This film is the most traditional cartoon of the Color Classics released in the series up until this point: the action is generic, heroic action with a hungry villain chasing his prey; the lyrically rich music, a dominant feature in most of the Color Classics, is done by the time the opening credits close; and the three-dimensional is highly underplayed for the first time in the series. There is also very little overt humor; what humor there is happens to be of the most gentle form, and except for the buzzard attack and the brief early scene with the sad mother hen, the film is extremely lighthearted. Due to this stricture to established lines, is also the most forgettable of the series to this point. At times, it's cuteness almost makes it seem like “Baby's First Duck Cartoon”. This is not a slap at it, for the film is very well made, but it is never more than a pleasant, simple diversion.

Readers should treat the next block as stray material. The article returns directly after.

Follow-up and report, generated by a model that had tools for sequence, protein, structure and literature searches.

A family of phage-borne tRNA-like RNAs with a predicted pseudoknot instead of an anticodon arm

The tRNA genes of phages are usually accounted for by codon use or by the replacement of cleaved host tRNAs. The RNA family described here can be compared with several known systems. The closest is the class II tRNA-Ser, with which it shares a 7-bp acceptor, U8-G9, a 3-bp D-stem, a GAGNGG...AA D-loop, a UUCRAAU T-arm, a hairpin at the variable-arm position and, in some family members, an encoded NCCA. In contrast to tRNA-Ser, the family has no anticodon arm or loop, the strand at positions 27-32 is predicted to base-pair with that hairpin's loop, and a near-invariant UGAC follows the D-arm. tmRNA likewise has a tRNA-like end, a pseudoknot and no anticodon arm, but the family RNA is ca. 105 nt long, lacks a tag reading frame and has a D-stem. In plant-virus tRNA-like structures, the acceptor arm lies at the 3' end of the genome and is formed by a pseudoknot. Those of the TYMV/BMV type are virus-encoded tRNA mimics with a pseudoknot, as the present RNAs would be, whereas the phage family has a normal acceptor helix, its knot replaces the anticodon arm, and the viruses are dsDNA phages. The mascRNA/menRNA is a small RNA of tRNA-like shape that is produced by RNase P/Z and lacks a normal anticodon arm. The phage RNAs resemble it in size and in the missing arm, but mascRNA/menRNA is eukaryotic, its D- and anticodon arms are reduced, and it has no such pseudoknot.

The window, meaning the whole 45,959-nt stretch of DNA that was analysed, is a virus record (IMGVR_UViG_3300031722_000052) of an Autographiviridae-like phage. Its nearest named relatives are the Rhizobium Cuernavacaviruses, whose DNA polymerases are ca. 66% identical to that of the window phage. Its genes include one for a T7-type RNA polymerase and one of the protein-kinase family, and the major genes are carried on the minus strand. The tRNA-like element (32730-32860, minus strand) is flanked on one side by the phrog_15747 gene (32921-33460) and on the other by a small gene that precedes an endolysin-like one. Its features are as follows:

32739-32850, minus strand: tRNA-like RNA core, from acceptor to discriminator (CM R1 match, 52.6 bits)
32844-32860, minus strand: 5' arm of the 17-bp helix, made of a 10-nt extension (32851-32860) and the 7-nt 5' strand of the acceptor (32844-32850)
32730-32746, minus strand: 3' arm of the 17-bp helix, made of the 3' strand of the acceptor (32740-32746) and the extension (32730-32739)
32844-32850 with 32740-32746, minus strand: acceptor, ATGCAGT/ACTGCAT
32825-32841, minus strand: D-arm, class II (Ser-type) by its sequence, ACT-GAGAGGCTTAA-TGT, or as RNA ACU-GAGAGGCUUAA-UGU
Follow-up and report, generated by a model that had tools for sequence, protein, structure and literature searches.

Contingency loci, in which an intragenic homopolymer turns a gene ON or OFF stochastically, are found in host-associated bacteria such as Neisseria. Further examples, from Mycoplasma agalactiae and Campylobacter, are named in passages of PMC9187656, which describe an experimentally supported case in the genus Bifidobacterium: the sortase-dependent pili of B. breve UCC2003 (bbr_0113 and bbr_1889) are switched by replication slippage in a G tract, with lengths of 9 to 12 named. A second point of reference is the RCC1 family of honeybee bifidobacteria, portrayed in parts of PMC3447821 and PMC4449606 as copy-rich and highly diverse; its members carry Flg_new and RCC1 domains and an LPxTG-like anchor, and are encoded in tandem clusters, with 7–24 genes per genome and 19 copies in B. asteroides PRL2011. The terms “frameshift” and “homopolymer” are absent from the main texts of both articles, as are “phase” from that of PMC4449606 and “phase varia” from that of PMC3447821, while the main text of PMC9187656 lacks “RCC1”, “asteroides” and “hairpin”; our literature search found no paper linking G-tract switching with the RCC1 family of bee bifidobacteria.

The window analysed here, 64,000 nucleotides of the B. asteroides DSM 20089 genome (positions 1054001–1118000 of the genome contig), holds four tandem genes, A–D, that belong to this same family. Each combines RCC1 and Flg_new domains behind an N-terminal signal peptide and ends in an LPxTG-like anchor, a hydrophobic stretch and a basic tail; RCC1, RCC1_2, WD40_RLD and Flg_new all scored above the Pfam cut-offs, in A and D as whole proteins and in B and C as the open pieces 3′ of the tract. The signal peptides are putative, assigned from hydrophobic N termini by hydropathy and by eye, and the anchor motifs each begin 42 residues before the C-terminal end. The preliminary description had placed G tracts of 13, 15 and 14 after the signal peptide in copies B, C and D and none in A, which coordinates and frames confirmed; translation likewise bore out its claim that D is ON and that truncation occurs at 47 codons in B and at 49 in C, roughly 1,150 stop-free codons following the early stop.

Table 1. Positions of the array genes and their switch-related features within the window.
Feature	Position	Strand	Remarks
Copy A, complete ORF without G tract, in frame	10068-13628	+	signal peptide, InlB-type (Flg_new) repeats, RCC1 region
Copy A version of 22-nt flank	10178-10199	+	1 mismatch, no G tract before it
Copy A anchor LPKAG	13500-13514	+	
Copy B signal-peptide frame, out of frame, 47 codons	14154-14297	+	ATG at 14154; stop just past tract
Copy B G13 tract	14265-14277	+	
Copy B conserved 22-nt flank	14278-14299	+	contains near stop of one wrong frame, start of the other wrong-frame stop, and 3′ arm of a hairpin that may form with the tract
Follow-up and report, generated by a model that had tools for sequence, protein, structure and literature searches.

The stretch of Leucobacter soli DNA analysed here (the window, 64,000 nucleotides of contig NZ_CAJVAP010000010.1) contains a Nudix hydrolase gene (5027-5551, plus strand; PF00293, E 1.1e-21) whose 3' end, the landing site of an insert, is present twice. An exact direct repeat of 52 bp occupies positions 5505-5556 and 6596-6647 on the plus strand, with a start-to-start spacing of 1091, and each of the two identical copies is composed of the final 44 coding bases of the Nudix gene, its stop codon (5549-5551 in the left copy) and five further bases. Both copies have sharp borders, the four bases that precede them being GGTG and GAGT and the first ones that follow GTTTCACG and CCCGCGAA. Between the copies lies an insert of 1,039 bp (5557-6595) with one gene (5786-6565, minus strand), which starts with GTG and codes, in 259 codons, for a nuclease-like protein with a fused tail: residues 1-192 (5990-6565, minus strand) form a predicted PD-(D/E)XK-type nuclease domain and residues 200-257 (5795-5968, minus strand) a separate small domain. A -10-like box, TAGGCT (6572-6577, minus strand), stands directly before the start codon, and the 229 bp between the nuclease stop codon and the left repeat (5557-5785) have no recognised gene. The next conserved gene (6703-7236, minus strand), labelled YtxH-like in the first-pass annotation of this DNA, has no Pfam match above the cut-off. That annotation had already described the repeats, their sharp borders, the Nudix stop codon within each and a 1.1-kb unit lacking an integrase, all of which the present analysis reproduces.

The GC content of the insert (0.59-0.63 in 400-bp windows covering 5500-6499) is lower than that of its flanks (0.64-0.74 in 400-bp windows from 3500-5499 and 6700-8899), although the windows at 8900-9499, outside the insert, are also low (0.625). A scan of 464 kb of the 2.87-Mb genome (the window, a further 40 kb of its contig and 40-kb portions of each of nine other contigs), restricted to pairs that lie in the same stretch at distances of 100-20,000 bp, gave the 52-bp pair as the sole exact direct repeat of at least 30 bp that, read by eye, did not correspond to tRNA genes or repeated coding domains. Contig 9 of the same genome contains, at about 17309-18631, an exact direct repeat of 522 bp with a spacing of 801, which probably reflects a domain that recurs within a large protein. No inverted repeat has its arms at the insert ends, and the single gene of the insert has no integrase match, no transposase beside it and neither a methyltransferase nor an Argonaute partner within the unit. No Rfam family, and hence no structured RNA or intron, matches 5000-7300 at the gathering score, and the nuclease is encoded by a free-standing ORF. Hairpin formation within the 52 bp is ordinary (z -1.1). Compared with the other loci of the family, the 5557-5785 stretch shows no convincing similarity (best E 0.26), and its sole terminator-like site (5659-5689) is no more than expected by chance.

I wish that I could say that the film, like the misplaced cockerel, only seems out of place in the Color Classics series, and that it has hidden strengths that allow it to show its true worth in the flock, but what it really does is allow a peek at where the series would eventually head: to increasingly middling and cutesy productions with lambs and bunnies galore. Long before this film, Fleischer seemed to already be nearing the moppet cartoon ideal; but even the previous film, Somewhere In Dreamland, though steeped in kewpie-doll optimism, had a severely dark undercurrent and subtext built around the Great Depression which resonates emotionally even while you are scraping the sugar off your tongue. But as the Color Classics moved through the decade, there was less emphasis on technical innovation and more placed on charming a family audience.
A family of sheep, I don't doubt. And I am steadfastly of the lupine persuasion. I'll never be accepted into the fold...
And in case you haven't seen it:
[This article was updated with new photos and edited on 12/12/2015.]